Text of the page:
Myth Four – Chenin Blanc is not an age-worthy variety 

You've guessed it. Chenin Blanc has another trick up its sleeve – ageing potential. Well-made Chenin Blanc from ripe grapes can definitely age gracefully, developing an impressive depth and complexity over time. It’s no wonder, really. That natural acidity assures the longevity of fruit character while sugar acts as a preservative. A heavenly combination, especially since the aged characteristics of the grape are just as wonderful as those of its youth – baked apples, caramel, nutty marzipan, honey and spice and all things nice.

Myth Five – Chenin Blanc is a great aperitif, but not worthy of the main event

Since we’re already talking food, "Chenin Blanc is only good as an aperitif"….said no serious Chenin lover, ever!

For 12 years now, I’ve worked with our chefs to bring an ever-changing array of food and wine combinations to tables of the Voyager Estate Restaurant, and Chenin Blanc has always been a mainstay on our menus in one way, shape or form. Why, you ask? Well, quite simply because it’s infinitely versatile. Acid-sugar balance, lovely fruit notes, great texture, not too heavy, not too light. Chenin is the “just right” of the food pairing world. It rarely clashes and generally makes the dish look better for having Chenin Blanc by its side.

Adaptable and versatile Chenin Blanc has many friends in the food world and here’s just a few examples to get you started:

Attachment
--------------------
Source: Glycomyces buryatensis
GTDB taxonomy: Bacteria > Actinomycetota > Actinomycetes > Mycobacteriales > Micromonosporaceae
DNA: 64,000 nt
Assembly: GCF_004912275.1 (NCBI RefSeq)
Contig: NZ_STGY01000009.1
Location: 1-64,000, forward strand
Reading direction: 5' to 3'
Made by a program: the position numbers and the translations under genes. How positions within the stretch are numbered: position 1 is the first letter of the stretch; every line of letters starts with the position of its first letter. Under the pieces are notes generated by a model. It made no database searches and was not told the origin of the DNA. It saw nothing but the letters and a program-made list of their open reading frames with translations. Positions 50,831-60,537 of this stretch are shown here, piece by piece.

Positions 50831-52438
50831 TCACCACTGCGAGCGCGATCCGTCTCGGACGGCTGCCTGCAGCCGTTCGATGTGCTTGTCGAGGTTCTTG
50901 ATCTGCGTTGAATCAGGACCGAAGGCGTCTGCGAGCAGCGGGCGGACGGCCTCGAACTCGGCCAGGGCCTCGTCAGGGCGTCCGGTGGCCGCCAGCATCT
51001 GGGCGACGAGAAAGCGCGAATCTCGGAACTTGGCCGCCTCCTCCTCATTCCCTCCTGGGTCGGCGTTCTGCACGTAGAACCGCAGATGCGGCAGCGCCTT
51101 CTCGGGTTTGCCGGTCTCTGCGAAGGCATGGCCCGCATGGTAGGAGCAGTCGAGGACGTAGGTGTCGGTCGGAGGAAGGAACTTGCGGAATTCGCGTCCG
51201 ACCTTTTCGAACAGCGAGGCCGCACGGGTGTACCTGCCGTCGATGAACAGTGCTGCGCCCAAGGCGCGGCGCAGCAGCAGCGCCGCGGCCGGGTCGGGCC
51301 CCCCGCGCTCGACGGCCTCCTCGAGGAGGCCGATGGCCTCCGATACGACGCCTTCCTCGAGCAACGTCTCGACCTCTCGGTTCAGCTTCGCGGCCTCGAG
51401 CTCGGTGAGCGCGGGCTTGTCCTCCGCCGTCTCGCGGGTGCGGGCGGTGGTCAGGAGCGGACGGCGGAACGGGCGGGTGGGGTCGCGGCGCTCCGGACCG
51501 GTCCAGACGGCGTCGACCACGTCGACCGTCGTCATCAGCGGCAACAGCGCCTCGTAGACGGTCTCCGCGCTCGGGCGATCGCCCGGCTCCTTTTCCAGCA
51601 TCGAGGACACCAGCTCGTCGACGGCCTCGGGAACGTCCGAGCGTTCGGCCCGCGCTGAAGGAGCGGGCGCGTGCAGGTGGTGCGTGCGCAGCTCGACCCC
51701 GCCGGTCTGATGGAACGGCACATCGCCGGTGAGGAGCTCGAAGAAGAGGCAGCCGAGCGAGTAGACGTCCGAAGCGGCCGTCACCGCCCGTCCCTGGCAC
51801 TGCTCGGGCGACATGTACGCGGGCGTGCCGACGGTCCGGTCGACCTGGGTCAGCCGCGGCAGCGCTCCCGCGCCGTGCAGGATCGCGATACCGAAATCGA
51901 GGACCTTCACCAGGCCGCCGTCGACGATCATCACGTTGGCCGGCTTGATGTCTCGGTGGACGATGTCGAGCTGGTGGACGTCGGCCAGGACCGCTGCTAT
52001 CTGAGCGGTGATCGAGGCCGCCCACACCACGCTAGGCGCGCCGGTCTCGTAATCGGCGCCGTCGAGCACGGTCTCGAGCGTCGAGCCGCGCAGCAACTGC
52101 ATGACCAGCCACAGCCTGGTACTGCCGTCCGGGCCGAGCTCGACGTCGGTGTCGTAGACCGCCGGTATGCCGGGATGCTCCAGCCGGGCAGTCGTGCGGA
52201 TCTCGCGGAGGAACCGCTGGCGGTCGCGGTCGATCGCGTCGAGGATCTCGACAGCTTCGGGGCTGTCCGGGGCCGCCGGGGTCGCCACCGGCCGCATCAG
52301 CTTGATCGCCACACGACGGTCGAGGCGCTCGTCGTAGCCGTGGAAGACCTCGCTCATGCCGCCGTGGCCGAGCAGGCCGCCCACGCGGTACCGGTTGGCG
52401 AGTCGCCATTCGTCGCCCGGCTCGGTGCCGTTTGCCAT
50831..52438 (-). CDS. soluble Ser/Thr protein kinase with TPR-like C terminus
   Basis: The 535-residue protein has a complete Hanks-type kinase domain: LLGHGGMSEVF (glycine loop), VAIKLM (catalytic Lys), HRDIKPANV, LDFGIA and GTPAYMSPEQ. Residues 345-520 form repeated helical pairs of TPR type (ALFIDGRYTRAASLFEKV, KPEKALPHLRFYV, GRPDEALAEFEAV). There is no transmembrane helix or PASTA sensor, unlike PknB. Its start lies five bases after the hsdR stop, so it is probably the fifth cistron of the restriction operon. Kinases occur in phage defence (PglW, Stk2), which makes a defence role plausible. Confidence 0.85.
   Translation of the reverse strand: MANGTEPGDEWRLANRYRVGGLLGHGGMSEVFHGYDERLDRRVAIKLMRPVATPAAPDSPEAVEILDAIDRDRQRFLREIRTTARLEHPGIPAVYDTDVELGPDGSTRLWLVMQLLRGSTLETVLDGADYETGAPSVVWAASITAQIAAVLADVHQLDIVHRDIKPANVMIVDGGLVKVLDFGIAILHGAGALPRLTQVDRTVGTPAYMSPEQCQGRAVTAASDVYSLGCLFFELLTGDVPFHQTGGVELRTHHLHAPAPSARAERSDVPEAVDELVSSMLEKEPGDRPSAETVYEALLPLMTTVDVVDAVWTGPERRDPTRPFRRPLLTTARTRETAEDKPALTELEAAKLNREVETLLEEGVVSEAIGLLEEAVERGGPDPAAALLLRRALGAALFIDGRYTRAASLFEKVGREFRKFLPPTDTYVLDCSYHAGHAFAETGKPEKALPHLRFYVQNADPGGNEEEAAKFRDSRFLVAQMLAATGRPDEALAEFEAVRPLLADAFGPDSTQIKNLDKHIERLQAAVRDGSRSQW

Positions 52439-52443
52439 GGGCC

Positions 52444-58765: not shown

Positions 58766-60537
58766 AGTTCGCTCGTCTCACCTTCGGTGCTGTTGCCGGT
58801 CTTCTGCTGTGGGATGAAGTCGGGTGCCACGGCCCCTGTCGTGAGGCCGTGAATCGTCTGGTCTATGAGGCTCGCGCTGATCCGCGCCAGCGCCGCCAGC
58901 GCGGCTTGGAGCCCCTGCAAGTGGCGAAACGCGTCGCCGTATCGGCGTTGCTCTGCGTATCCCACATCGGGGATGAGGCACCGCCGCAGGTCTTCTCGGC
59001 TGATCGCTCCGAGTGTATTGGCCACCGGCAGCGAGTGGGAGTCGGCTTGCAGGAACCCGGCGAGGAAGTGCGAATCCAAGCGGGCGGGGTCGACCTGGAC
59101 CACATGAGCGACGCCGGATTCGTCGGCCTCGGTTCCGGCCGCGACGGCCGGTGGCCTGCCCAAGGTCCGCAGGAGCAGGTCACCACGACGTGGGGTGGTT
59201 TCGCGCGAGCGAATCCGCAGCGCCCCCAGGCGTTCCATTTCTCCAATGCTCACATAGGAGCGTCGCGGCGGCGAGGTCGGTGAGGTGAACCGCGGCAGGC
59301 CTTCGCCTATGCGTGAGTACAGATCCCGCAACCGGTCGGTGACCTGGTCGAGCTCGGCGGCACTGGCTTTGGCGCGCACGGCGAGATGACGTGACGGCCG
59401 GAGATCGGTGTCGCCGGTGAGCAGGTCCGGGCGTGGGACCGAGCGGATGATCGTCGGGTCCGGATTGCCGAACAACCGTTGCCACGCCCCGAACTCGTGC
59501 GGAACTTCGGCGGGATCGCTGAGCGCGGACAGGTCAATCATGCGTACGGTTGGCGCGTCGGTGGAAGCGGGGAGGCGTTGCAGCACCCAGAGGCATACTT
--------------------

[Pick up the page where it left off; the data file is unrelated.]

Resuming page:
- Oysters or caviar – fresh acidity meeting salty ocean water can only show up the beauty of the fruit in a sparkling style Chenin Blanc, as well as the marvellous textures of these two ocean delights.

- Marron, scallops, prawns and fish with or without sauces – the small amount of residual sugar in an off-dry style Chenin Blanc holds its own against the sweetness of crustaceans, and this sweetness works equally well to tame the pungency of spicier dishes – think curries, peppery sauces, even kimchi.

- Vegetarians will have a field day with mushrooms (pardon the pun), butter-poached zucchini, cauliflower chawanmushi (ask me for the recipe), even cabbage. Think sweet and sour or that great classic of Germanic tradition, sauerkraut!

- A vast array of cheeses are a good match because having great natural acidity, Chenin Blanc cuts through the fat and with such likeable fruit notes, it is unlikely to clash. Why put dried apple or pear on your cheese board? To enjoy with a glass of Chenin!

- It also makes for a wonderful pairing to duck parfait, crispy skinned pork belly and game meats (for foodies with a functioning gallbladder).

A final note...

If you’ve made it this far, you deserve a medal for being a veritable Chenin Blanc lover, and I’m sure you can see where I’m heading. This is a mellow-fruited variety, with great natural acidity, and it can be made in all styles from sparkling to sweet. It can be experimented with to no end, both in the winery and in your kitchen. And, if you don’t want to embrace the adventure today, you can cellar it for another day, or year! The point is, we all need to drink more Chenin Blanc.